WWJD? Should we always do what Jesus would do? I think the answer is obvious: No.
Don’t get me wrong. I love Jesus. He’s God. There’s no person who is a greater arbiter of what’s right and wrong. There’s no person who could do better than he would do. Generally speaking, we should take our cues from his life and public ministry.
But if we are honest, we shouldn’t—and can’t—always do what Jesus would do. Here are three examples where Jesus did something we should not do.
Jesus made certain claims. In John 10:30, Jesus said, “I and the Father are one.” Newsflash: Jesus is God, and you are not. No offense. I’m sure you’re trying to be godly, but that only goes so far. Don’t say things like that.
Jesus had certain prerogatives. He cited Mosaic laws and “upgraded them.” For example, Jesus affirmed that adultery is sin but then provided his own addition: “But I say to you that everyone who looks at a woman with lust for her has already committed adultery with her in his heart” (Matt. 5:27–28). Jesus can modify divine commands. You can’t. Deal with it.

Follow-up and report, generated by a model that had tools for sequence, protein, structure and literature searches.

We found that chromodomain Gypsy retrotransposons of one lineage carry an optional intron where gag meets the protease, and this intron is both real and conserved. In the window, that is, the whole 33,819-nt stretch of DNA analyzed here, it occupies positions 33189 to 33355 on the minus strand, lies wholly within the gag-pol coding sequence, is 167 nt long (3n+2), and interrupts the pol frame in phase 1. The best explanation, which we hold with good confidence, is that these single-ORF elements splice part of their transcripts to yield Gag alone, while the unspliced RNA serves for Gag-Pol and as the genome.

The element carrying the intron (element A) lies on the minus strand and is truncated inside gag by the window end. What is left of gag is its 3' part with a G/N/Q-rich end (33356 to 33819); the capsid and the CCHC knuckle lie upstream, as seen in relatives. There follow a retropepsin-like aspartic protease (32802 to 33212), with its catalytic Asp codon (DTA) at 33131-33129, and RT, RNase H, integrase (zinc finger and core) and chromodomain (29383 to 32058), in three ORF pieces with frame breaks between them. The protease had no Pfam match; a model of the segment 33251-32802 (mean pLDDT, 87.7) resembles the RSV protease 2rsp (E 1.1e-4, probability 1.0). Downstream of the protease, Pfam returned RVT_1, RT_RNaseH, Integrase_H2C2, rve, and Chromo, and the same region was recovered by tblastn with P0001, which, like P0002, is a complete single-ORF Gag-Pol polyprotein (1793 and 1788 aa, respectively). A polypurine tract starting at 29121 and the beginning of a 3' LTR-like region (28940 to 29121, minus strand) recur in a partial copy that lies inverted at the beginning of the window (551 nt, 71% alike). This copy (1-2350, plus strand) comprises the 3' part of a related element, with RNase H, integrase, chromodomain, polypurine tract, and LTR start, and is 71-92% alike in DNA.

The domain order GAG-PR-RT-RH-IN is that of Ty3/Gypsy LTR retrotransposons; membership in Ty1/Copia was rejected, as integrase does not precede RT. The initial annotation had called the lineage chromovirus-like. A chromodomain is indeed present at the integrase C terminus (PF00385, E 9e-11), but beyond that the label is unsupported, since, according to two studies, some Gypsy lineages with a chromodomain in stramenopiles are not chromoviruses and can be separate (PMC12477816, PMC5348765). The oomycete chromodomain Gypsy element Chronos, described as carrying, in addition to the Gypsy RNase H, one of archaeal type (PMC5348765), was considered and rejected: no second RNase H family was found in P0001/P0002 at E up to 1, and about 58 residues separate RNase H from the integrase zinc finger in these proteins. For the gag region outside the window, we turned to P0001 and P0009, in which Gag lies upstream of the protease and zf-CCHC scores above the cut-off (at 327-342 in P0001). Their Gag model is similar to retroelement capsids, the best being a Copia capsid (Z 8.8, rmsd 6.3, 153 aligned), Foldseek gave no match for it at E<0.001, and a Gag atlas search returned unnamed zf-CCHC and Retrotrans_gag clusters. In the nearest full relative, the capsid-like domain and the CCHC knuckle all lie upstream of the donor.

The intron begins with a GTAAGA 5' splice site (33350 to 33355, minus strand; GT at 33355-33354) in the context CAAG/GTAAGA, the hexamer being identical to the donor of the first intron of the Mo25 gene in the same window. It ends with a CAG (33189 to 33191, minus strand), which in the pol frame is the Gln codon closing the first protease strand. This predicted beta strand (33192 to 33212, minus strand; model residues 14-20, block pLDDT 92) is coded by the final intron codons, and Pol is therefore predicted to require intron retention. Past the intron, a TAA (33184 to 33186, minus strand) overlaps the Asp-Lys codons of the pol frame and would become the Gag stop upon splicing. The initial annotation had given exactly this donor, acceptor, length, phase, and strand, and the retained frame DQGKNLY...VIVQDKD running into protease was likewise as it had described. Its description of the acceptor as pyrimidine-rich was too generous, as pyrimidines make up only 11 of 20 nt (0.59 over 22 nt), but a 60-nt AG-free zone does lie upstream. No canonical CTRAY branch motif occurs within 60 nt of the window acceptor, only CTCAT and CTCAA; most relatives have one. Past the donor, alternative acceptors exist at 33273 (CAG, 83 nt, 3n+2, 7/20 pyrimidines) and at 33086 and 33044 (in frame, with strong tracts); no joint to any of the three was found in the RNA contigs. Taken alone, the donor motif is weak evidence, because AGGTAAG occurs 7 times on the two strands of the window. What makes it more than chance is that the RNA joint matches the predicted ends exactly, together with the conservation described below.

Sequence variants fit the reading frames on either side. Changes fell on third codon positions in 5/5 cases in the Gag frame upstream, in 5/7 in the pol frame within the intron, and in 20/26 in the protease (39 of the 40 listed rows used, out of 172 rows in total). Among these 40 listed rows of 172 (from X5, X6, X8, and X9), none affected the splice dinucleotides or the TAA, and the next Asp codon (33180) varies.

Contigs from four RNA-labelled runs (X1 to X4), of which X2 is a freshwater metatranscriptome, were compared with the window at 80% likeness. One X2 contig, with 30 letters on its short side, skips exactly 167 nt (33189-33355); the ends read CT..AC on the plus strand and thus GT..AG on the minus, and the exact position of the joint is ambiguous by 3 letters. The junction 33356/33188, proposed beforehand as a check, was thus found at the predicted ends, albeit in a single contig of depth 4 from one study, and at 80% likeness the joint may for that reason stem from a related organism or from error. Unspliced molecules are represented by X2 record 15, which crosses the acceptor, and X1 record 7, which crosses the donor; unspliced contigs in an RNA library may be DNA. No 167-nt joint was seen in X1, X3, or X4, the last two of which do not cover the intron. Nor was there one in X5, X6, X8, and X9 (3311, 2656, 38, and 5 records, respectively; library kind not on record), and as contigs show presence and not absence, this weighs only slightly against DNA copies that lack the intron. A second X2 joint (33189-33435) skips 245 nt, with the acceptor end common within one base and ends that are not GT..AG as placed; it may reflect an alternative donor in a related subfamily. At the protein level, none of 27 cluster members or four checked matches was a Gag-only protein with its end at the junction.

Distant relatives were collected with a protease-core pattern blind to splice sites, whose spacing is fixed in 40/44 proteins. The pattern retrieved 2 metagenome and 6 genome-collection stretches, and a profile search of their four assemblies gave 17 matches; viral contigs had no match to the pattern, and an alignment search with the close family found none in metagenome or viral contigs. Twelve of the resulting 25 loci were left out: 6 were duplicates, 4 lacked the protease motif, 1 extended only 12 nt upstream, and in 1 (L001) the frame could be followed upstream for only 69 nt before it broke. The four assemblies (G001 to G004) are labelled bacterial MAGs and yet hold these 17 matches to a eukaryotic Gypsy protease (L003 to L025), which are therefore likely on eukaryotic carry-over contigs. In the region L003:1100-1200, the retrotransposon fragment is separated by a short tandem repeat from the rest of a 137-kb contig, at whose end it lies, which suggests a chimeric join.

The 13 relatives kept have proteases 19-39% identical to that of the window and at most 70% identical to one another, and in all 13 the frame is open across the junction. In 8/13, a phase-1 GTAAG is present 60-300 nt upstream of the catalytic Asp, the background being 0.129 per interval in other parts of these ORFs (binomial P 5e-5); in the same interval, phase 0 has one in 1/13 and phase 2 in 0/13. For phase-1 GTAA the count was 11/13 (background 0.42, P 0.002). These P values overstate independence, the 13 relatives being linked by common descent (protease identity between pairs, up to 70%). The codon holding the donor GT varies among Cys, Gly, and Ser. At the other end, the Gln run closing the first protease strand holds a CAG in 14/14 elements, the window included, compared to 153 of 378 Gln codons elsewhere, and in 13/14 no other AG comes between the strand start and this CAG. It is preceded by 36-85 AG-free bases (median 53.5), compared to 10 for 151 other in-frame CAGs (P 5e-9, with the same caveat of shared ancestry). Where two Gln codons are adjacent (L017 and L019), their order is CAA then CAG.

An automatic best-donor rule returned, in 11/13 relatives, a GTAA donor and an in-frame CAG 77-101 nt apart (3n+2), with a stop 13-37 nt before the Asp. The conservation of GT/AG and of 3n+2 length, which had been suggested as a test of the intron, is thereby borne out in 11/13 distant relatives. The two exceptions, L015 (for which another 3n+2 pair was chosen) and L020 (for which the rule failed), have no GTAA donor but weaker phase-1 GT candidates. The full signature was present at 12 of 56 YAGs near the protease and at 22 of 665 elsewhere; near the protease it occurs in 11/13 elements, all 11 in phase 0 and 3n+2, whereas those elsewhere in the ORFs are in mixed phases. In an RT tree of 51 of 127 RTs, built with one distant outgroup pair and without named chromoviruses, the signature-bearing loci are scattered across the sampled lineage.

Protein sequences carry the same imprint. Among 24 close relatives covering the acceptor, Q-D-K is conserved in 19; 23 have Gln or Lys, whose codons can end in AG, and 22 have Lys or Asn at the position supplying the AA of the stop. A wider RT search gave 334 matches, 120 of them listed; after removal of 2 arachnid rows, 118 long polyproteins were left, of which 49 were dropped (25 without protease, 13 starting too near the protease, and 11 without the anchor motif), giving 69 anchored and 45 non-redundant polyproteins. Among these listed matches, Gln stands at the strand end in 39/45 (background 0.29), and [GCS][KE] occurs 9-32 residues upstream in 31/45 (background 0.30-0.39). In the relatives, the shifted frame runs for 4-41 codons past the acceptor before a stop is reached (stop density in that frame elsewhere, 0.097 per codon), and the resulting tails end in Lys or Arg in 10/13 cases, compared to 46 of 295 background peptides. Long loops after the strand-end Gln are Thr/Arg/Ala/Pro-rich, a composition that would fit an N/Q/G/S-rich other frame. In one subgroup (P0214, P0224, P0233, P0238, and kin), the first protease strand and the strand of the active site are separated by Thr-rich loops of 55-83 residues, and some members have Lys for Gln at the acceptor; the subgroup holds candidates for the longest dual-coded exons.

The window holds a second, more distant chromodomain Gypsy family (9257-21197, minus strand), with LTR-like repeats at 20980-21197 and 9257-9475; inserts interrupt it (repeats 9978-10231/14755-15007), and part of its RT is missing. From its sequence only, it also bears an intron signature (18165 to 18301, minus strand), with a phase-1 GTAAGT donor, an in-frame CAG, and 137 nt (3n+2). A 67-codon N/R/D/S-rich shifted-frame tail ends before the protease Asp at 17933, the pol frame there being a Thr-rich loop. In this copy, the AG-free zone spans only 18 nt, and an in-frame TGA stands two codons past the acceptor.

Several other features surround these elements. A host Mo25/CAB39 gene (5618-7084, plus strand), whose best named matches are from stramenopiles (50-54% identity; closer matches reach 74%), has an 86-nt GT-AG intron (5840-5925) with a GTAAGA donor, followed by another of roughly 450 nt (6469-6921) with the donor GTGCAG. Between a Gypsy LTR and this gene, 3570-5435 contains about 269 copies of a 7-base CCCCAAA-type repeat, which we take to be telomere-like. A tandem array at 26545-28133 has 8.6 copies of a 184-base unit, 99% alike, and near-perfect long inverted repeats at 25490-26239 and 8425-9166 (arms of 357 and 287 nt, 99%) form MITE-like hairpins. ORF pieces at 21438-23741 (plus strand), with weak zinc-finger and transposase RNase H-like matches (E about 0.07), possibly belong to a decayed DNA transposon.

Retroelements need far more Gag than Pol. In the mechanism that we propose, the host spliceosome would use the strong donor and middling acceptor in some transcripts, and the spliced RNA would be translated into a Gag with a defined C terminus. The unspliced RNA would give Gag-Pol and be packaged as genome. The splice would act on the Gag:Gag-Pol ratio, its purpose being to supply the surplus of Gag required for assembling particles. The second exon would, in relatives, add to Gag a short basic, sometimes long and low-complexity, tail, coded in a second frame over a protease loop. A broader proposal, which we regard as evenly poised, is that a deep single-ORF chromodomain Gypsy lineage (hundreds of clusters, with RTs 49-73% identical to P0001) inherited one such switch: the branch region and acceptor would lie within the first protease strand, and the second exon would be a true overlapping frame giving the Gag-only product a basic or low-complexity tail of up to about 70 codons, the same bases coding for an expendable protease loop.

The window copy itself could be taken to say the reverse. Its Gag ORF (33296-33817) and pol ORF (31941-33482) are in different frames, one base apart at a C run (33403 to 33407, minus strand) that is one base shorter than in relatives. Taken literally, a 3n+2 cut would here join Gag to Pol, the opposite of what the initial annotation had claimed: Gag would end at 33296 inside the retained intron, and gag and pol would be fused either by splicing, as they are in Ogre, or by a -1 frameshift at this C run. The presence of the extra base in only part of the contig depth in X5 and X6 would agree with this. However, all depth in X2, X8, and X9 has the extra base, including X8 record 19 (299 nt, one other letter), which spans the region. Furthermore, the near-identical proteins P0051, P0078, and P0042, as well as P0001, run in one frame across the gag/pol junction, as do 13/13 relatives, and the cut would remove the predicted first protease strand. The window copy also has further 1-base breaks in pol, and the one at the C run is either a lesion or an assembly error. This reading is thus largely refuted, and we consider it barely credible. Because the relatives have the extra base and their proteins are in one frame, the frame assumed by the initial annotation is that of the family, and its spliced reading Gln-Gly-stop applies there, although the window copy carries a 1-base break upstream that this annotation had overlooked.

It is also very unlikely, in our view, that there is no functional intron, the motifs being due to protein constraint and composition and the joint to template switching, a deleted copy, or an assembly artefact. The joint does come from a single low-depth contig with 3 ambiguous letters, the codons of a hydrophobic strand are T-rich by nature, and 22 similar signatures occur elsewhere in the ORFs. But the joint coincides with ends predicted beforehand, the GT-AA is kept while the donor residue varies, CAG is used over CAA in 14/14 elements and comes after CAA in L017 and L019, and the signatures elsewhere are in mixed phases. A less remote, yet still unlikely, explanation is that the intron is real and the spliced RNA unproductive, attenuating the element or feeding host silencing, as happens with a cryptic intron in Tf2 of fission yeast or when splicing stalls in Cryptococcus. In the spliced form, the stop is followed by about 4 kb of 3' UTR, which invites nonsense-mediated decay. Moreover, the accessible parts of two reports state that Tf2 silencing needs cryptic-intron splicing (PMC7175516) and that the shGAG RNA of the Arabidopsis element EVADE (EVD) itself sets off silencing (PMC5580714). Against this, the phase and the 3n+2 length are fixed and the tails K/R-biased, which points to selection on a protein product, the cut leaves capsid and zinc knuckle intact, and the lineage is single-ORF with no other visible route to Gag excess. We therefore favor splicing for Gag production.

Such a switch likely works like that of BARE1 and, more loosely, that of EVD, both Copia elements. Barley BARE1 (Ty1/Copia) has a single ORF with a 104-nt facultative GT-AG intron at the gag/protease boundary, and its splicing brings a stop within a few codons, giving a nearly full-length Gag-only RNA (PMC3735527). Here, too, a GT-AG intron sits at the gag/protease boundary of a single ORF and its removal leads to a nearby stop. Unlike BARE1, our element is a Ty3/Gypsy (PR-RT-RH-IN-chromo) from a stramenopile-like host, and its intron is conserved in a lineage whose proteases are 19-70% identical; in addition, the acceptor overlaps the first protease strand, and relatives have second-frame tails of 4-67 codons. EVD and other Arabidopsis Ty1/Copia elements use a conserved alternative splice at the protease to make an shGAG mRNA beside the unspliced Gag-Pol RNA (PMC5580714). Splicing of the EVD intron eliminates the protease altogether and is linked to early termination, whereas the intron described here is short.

Jesus had a different mission. His job was to be a ransom for many (Matt. 20:28). No person on the planet should attempt to participate in the plan he carried out. He emptied himself, took on human nature, and willingly went to the cross (Phil. 2:5–8) in order to fulfill a grand redemptive plan. Though we’re also involved in the Father’s plan, we don’t play the same role. Christ is the redeemer. We are his ambassadors (2 Cor. 5:20). Stay in your lane.
The WWJD question should prompt us not to do what Jesus did, but to answer that question exactly the way Jesus did. What would Jesus do? He would do the will of the Father (Jn. 6:38). We should do the same.